• Sandia + NREL + U. of Colorado ZnO cycle; Fe-based cycle; SI cycle;


+ Pinnacle West (USA) DOE project

• Tokyo Institute / Niigata U. (Japan) Fe-based cycle

• ENEA (I) UT3-cycle

• CEA (F) + DLR (D) + ProSim (F) SI cycle; hybrid sulfuric acid cycle;
+ U. of Sheffield (UK) + DIMI (I) EU-FP6 project HYTHEC
+ Empresarios Agrupados (E)

• DLR (D) + CEA (France) + ETH (CH) SI cycle, materials, components;


+ U. of Sheffield (UK) + BoosTec (F) EU-FP7 project HyCycleS
+ Empresarios Agrupados (E)
+ APTL (GR) + JRC (EU) + ENEA (I)
+ General Atomics (USA) + Westinghouse (USA)
+ JAEA (Japan) + CSIRO (Australia)

Figure 28: Solar fuels production – Overview on


research institutes active in national and
international research programs for producing
solar hydrogen and other fuels.
30 Solar Fuels from Concentrated Sunlight

Transition to Solar Fuels –


Recommended Strategy

The ultimate goal of all research activities de- were thought to bene�it from synergies in their
scribed above is to develop technically and development. Some of the proposed processes
economically viable technologies for solar can be operated by both energy sources sepa-
thermochemical processes that can produce so- rately or in hybrid installations. However, the
lar fuels, particularly H2. The implementation nuclear option is impeded in many countries
should start immediately to accelerate the tran- due to political opposition, and the processes
sition from today’s fossil-fuel-based economy driven by future VHTR are limited to 950°C. In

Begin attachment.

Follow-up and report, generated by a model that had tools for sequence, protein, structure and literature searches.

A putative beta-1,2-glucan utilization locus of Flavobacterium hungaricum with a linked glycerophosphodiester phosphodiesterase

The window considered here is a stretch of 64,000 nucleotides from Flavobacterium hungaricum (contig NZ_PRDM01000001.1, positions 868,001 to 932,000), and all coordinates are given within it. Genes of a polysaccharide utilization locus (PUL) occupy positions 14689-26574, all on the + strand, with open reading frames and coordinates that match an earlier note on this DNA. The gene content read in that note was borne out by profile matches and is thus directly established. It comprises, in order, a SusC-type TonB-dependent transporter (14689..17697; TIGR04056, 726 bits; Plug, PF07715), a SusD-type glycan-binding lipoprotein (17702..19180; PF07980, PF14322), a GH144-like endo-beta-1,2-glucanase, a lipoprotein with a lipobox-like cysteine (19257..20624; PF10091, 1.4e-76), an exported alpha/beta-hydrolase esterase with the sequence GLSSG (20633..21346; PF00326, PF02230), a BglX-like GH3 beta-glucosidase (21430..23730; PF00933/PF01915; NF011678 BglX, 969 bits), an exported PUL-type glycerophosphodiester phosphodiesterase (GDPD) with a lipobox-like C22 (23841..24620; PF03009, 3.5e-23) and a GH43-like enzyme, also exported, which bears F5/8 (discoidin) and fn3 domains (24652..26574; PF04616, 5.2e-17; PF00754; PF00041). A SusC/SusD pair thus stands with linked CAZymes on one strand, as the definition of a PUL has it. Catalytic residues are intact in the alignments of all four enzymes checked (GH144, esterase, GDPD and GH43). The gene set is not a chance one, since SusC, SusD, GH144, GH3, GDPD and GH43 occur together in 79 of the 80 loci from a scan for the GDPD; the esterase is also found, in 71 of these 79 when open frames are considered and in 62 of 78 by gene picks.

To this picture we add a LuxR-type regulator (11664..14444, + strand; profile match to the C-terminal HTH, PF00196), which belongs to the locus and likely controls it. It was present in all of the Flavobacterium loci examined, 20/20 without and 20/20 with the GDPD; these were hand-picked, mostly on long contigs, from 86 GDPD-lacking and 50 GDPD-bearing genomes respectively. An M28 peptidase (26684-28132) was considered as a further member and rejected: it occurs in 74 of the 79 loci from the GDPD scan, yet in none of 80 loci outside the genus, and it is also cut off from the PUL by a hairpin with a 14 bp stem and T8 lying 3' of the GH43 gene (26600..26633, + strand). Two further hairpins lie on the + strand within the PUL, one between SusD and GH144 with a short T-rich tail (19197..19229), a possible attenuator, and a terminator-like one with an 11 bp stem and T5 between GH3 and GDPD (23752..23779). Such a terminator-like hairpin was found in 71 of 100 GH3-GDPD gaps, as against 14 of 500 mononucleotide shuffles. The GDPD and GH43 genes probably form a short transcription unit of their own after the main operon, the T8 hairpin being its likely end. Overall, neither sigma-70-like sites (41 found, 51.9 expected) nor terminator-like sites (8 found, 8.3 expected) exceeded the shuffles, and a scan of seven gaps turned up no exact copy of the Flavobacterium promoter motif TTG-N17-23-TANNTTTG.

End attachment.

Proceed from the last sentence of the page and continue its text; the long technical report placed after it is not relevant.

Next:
to tomorrow’s solar driven hydrogen economy particular, the processes with highest exergy ef-
(�igure 29). �iciency can only be attained by concentrating
solar systems.

R&D strategy for solar H2 production Processes and timeframe – Since the various
The EU-FP6 project INNOHYP-CA (2004–2006) solar fuel production technologies under con-
has developed a roadmap to implement thermo- sideration are at diverse stages of maturity, the
chemical processes for massive H2 production INNOHYP-CA project proposes three phases
(�igure 30). Within this project, processes with and a staggered timeframe for their individual
both solar and nuclear sources of process heat development and commercial demonstration.

Figure 29: Strategy for substitu-


How it works – transition to solar fuels tion of fossil fuels with solar H 2
involving research on two paths
– The long-term approach
via H2O-splitting thermo-
chemical cycles brings us to
Fossil & Solar
the complete substitution of
Energy Mix fossil fuels with solar H 2. The
short-to-mid term approach
Solar Decarbonization of Fossil Fuels via decarbonization of fossil
fuels creates a link between
PRESENT TRANSITION FUTURE today’s fossil-fuel-based
technology and tomorrow’s
Fossil Fuels Solar Fuels solar chemical technology.
(Oil, Coal, Natural Gas) (Hydrogen)

H2O-Splitting Thermochemical Cycles

Source: PSI
Solar Fuels from Concentrated Sunlight 31